THE INCREASE IN DRUG PRICES
The usual justifications can hardly convince a people who are already paying much higher prices
By Syed M. Aslam
April 01 - 07, 2002
The federal government imposed a 15 per cent general sales tax on all kinds of drugs — allopathic, homeopathic, imported, locally manufactured, non-essential and life-savings — as well as raw materials, manufactured locally or imported, with immediate effect on the 21st of this month. Even the life-saving drugs thus far exempted from the sales tax were not spared.
In a country where public health has never remained a priority of any of the successive governments and where the poverty-stricken population is increasingly driven to self-treatment by purchasing drugs over-the-counter to save doctor visitation fee, imposition of the sales tax sounds like a cruel joke. Only it is not a joke and yes, it is cruel.
The usual justifications can hardly convince a people who are already paying much higher prices for drugs compared to other countries in the region. We would like to quote only a handful of examples here to prove this point: a widely used drug for ulcer treatment, manufactured by multinational Glaxo-Wellcome under the brand name Zentac, retails for Rs 8.50 per tablet here while the same drug made in neighbouring India under the same brand name by the same company retails for less than one-tenth that price at Rs 0.60 per tablet. The same drug, the generic name of which is Ranitidine, manufactured by many local pharmaceutical companies under various brand names retails for Rs 5 per tablet.
The similar is the case with another widely-used drug for treating high blood pressure. A 14-tablet 50-mg blister strip of the drug manufactured by multinational ICI under the brand name 'Denormin' retails for Rs 85 or Rs 6.07 per tablet. The same drug manufactured by the same multinational with similar brand name retails for Rs 25 per 14 tablets or Rs 6.07 per tablet in India which is almost three-times of its price here. The same formula manufactured by local pharmaceutical Nabi Qasim under the brand Normitab retails for Rs 30 per 14 tablet or Rs 2.14 per tablet.
The 14-tablet blister pack of Omeprezole, an ulcer-treating brand manufactured by multinational Astra Company, retails for Rs 690 or Rs 49 per tablet while the same formula manufactured by a local company Wilson under Encid brand retails for Rs 140 or Rs 10 a tablet.
A ten-tablet blister pack of 250 mg formula Ofloxcin, manufactured by a number of multinationals here in Pakistan retails for an average Rs 300/10 or Rs 30 per tablet. The same formula produced by many local companies retails for one-third this price at Rs 100/10 tablets or Rs 10 per tablet at par with many multinationals in India. Ofloxcin is categorized as a life-savings drug.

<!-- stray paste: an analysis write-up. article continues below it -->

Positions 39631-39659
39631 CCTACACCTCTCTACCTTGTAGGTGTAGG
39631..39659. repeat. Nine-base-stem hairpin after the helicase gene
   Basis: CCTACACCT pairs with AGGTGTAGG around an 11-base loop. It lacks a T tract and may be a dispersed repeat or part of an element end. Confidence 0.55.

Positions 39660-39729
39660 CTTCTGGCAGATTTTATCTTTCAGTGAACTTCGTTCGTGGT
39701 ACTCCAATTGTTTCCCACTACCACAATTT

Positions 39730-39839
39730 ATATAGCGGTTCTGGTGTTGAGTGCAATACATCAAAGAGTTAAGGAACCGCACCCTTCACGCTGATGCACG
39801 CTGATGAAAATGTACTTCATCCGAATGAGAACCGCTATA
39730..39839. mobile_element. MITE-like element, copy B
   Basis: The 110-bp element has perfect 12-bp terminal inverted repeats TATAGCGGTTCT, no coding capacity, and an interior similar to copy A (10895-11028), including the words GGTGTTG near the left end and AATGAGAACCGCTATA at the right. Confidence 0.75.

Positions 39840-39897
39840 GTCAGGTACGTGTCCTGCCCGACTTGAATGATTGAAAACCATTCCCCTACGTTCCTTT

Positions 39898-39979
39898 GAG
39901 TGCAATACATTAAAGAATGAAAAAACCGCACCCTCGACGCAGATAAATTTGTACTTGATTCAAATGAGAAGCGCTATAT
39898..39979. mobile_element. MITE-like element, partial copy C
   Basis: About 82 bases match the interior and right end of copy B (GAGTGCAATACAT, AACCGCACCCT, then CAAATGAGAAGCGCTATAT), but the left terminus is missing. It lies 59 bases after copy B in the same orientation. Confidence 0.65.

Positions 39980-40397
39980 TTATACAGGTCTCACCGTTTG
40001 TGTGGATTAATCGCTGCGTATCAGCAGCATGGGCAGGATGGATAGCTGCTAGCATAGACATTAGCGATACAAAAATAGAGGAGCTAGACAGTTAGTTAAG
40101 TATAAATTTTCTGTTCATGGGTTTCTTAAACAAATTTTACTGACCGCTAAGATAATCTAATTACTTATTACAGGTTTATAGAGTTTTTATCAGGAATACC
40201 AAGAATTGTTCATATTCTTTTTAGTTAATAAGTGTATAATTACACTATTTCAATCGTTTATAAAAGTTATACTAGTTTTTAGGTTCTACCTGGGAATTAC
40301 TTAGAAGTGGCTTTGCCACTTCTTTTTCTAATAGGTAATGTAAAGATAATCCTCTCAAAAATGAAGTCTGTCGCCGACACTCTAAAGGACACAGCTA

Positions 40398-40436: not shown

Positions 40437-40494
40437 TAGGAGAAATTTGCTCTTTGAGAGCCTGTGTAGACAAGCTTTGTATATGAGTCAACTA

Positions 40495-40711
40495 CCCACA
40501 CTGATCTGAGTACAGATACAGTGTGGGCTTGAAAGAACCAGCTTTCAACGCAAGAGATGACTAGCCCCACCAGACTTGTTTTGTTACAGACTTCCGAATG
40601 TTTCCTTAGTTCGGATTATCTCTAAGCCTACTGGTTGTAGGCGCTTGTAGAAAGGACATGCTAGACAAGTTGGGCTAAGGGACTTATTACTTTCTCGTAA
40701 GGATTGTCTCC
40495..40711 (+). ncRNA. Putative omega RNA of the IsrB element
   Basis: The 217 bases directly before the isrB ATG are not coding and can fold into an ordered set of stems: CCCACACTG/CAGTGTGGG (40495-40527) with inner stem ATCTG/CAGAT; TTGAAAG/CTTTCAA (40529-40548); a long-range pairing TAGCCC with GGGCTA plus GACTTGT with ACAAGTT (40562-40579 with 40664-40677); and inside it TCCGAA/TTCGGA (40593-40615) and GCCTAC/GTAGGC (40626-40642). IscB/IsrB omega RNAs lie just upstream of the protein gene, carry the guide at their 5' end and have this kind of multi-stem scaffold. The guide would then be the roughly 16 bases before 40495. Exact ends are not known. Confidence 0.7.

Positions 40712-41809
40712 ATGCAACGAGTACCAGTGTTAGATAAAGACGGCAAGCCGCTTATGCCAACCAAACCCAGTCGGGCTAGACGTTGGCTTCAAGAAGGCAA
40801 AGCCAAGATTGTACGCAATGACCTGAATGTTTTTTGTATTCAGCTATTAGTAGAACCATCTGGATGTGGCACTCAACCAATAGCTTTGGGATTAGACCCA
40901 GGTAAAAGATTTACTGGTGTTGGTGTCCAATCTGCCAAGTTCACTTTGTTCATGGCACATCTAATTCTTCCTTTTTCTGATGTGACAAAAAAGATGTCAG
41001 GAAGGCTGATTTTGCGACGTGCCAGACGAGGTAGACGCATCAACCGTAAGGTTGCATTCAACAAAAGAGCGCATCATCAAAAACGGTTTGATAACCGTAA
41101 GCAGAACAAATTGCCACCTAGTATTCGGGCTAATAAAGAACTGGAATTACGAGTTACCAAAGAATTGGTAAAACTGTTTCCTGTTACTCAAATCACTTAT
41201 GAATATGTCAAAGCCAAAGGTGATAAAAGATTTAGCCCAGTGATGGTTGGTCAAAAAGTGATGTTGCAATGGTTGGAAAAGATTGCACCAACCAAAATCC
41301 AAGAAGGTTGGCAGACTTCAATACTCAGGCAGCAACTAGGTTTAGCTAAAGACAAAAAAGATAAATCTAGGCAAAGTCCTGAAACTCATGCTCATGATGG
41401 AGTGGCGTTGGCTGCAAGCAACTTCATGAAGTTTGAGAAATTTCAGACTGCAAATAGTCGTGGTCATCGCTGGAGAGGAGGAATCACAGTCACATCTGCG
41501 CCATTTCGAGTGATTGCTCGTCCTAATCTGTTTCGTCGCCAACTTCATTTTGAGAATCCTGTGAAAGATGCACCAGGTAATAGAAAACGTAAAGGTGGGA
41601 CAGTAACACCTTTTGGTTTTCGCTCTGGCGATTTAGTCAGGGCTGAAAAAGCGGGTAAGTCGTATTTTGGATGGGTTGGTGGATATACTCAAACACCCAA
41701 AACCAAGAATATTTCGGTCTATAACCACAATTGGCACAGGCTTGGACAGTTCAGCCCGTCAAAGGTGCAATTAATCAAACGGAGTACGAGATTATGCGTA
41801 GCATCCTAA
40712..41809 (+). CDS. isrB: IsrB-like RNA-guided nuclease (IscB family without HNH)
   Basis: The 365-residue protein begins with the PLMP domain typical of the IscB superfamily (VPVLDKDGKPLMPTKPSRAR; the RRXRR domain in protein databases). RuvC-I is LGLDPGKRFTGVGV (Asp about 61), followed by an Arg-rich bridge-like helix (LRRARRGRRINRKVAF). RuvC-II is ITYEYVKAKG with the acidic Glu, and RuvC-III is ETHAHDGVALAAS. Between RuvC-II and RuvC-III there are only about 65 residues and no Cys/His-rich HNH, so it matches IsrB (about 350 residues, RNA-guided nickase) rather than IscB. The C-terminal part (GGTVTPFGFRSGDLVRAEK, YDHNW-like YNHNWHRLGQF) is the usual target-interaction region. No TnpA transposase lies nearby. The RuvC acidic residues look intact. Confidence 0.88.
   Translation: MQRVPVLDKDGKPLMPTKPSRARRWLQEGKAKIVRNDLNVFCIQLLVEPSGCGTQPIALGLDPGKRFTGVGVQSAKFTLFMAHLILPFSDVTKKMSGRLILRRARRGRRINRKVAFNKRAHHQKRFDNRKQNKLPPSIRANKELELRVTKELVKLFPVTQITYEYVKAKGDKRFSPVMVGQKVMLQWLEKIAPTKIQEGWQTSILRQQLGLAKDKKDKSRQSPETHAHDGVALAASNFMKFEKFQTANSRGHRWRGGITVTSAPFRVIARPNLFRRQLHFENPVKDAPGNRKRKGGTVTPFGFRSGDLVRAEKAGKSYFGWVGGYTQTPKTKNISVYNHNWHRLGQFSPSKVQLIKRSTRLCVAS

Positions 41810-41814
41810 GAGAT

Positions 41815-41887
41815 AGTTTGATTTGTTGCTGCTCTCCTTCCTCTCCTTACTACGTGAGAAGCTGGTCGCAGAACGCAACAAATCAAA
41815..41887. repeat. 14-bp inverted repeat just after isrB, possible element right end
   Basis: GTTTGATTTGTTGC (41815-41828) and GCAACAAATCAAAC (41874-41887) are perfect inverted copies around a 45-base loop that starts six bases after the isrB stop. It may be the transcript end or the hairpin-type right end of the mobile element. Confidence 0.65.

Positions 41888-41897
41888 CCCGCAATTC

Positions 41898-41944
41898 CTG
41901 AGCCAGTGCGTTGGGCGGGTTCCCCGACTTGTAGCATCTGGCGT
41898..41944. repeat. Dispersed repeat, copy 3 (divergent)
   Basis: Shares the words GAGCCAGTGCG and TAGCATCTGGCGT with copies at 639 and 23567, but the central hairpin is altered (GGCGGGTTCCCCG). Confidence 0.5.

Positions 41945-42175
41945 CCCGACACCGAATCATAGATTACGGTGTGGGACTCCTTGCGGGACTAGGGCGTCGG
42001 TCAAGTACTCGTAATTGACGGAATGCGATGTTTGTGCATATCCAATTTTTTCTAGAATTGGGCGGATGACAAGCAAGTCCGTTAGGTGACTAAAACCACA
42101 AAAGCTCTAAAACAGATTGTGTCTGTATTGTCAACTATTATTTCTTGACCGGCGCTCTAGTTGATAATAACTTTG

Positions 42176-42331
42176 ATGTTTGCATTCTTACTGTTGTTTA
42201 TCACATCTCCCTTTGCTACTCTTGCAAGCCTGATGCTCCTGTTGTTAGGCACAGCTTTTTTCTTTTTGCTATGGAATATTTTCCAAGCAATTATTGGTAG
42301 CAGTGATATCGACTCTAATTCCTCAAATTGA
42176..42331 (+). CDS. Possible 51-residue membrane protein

Another life-saving formula Ceftrixone, manufactured under the brand name of Rocephin 1 gram injection by multinational Roche retails for Rs 477 per injection while the same formula manufactured under the brand Zeftrox by local company Zafa retails for Rs 162 per injection. The same injection manufactured by a number of companies in Bangladesh under the generic name retails at an equivalent of Rs 100. What makes Ceftrixone, used to heal deep wounds as well as to dry post-surgery abrasions, even more expensive is that fact that its course comprise a minimum of 6 and maximum of 24 injections depending on the nature of wound. Imposing a 15 per cent sales tax on such a necessary life-saving medicine is cruel indeed.
Talking to PAGE the senior vice president of Wholesale Chemists Council of Pakistan, Shakeel Nagar, blamed the high drug prices in the country on two major factors. Number one the immense influence that multinationals enjoy in the corridors of power as well as in the market. And secondly, the brand instead of generic culture in the other countries of the region. "In a country reeling from high illiteracy rate doctors pampered by multinationals use their position as an agent for the pharmaceuticals, particularly multinationals which spend immense monies to reciprocate the favour for mutual benefits. But the local manufacturers can not absolve themselves of any responsibility as the prices of their products on the whole are at par with the multinational companies in India."
Talking to PAGE the former chairman of Karachi Chamber of Commerce and Industry's Health Committee, Nasir Noor, said that the announcement by the government to form a committee to identify the life-essential drugs would result in stoppage of all manufacturing activities in the country. "It will also result in stoppage of port clearance of all imported drugs and active ingredients for the ten days by which the committee has to submit its findings without which the customs authorities would not be able to clear a consignment without the sales tax."
He said that the CBR says that it would collect a revenue of Rs 4 billion a year from the sales tax. "That means that in the remaining three months of the current fiscal the government will collect Rs 1 billion revenue. Actually the real amount collected will only be Rs 500 million as half of the drugs and raw materials imported would be exempted from the sales tax as it would be used by government and charitable hospitals and organizations. This is not the kind of revenue worth risking the public good will."